This is part one of a five-part series addressing what teachers should know about iOS 9.3. Stay tuned for more in this series that first appeared on Daily Genius!
For the last several years, Apple’s iPad has become the ultimate creation tool in the classroom. However, it has continued to frustrate teachers and administrators alike in its setup and deployment within an actual classroom environment. I remember getting my first set of iPads five years ago and discovering that the only way to install a desired app was to plug the cart into my MacBook (the PC I had attempted to use first was not powerful enough) and drag and drop every app onto each specific iPad. It was a nuisance and took a terribly long time. Fast forward through several major Apple releases that promised to make life easier for teachers and administrators in my same position: Apple Configurator, Apple’s DEP program, 3rd party Mobile Device Management (MDM) integration… Each time Apple made one of these announcements, I thought, “Finally! Here is the cure for the Apple ails!”
Although each announcement came with excitement and promise, none of them seemed to actually work as advertised and make the deployment or management of iPads any easier. To date, the best of those releases was the inclusion of 3rd party MDM integration. If you are not familiar with what an MDM does, it essentially provides administrators the ability to manage the iPads in their school environment – some teachers may know it as “self service.” An MDM could be used to create a school iPad profile, distribute apps, managing classes in Apple Classroom, and many others. While the integration of MDM’s was a welcome solution to many iPad woes. It still left something to be desired as not every MDM was created equal, and Apple never gave any guidance as to which programs could be trustworthy and which could not.
As we enter into the current education landscape, administrators and technology directors are continuing to look to the Google Chromebook as the answer for their schools. While this article is not a debate on Chromebook vs iPad, it is important to note that the ability to manage and deploy a fleet of Chromebooks more efficiently than a fleet of iPads often drives this decision. However, with Apple’s release of iOS 9.3, schools that have been held-up on the decision between iPads and another device solely because of administration and deployment should take a second look at iPads.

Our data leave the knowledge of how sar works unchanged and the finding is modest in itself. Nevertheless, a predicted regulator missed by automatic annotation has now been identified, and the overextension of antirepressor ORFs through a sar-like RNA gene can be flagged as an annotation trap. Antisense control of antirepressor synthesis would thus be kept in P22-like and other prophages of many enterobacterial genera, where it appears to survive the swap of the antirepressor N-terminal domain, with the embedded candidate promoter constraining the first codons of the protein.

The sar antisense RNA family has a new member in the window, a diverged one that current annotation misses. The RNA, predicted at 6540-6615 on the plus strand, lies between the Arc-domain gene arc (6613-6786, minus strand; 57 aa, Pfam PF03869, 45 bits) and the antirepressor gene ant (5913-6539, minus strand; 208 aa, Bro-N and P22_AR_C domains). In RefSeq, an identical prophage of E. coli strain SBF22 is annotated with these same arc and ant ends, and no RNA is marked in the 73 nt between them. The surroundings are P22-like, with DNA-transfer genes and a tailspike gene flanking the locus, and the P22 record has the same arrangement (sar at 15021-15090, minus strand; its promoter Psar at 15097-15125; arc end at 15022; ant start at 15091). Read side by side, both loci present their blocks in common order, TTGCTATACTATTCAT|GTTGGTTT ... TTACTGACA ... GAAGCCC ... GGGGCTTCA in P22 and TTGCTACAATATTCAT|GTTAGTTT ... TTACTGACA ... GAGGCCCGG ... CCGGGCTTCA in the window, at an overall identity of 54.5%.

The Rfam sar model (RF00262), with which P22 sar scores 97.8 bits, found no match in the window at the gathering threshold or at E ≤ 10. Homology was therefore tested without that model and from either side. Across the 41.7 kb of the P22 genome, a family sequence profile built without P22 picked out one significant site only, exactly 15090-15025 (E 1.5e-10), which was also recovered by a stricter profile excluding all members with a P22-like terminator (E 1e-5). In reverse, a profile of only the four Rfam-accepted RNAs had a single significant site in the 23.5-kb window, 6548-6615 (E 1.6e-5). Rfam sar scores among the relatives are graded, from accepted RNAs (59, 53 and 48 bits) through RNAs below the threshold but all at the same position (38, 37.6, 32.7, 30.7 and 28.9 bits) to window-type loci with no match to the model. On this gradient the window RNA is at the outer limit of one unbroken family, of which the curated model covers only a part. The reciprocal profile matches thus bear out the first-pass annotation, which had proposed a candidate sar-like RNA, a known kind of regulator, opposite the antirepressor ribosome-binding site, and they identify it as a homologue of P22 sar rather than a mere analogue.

As an EdTechTeacher instructor, I was recently invited to Apple for a presentation on iOS 9.3 and had the opportunity to ask Apple about the issues that I had faced in the past. There are four reasons 9.3 will change the game for administrators, teachers, and students alike.
Apple School Manager
Apple School Manager will become a technology administrator’s one-stop-shop for enrolling and managing their school’s iPad environment. School Manager will combine Apple’s current educational platforms – the Device Enrollment Program, Volume Purchase Program, and Apple ID for Students Program – into one web portal.
Managed Apple IDs
Apple will now allow Apple IDs to be managed by schools inside of Apple School manager. These managed IDs will be specifically associated with the school and allow students to access their iCloud accounts from any device. These IDs will also allow for a shared iPad environment!
Perhaps one of the largest pieces to the release of iOS 9.3 involves the new Shared iPad feature. iPads stored in a cart in a teacher’s classroom, or shared between classrooms, can now be assigned to specific students. When a student logs into their device, all of their user specific data will be loaded onto that iPad including apps, iCloud data, and locally saved data. When the student logs off, their data is backed up to iCloud, and the device can then be used by another student.
This is undoubtedly the best new feature for teacher management of an iPad classroom as Apple Classroom will change the way teachers manage their iPad environments. Through the Apple Classroom app, teachers will be able to group students, launch apps and websites on student devices, view student screens in real time, remotely lock screens, reset passwords, and Airplay student devices. By integrating these management features, Apple has created an iPad assistant to help teachers effectively manage their iPad classroom.
It appears as though iOS 9.3 is the life preserver that technology directors and teachers using iPads have been yearning for several years. While the release of all these updates has yet to hit full implementation, the functions touted by the Apple Education team and their extensive support materials seem to appear as though they are on track with this update. Follow Daily Genius and EdTechTeacher for an in-depth look at all of the new iOS 9.3 updates coming soon!
Come Learn more from Ben this year!
Ben will be a featured presenter in Boston and San Diego this year. He will be joined by other Google experts from across the country to share new ways to innovate student learning Chromebooks and Google Apps for Education.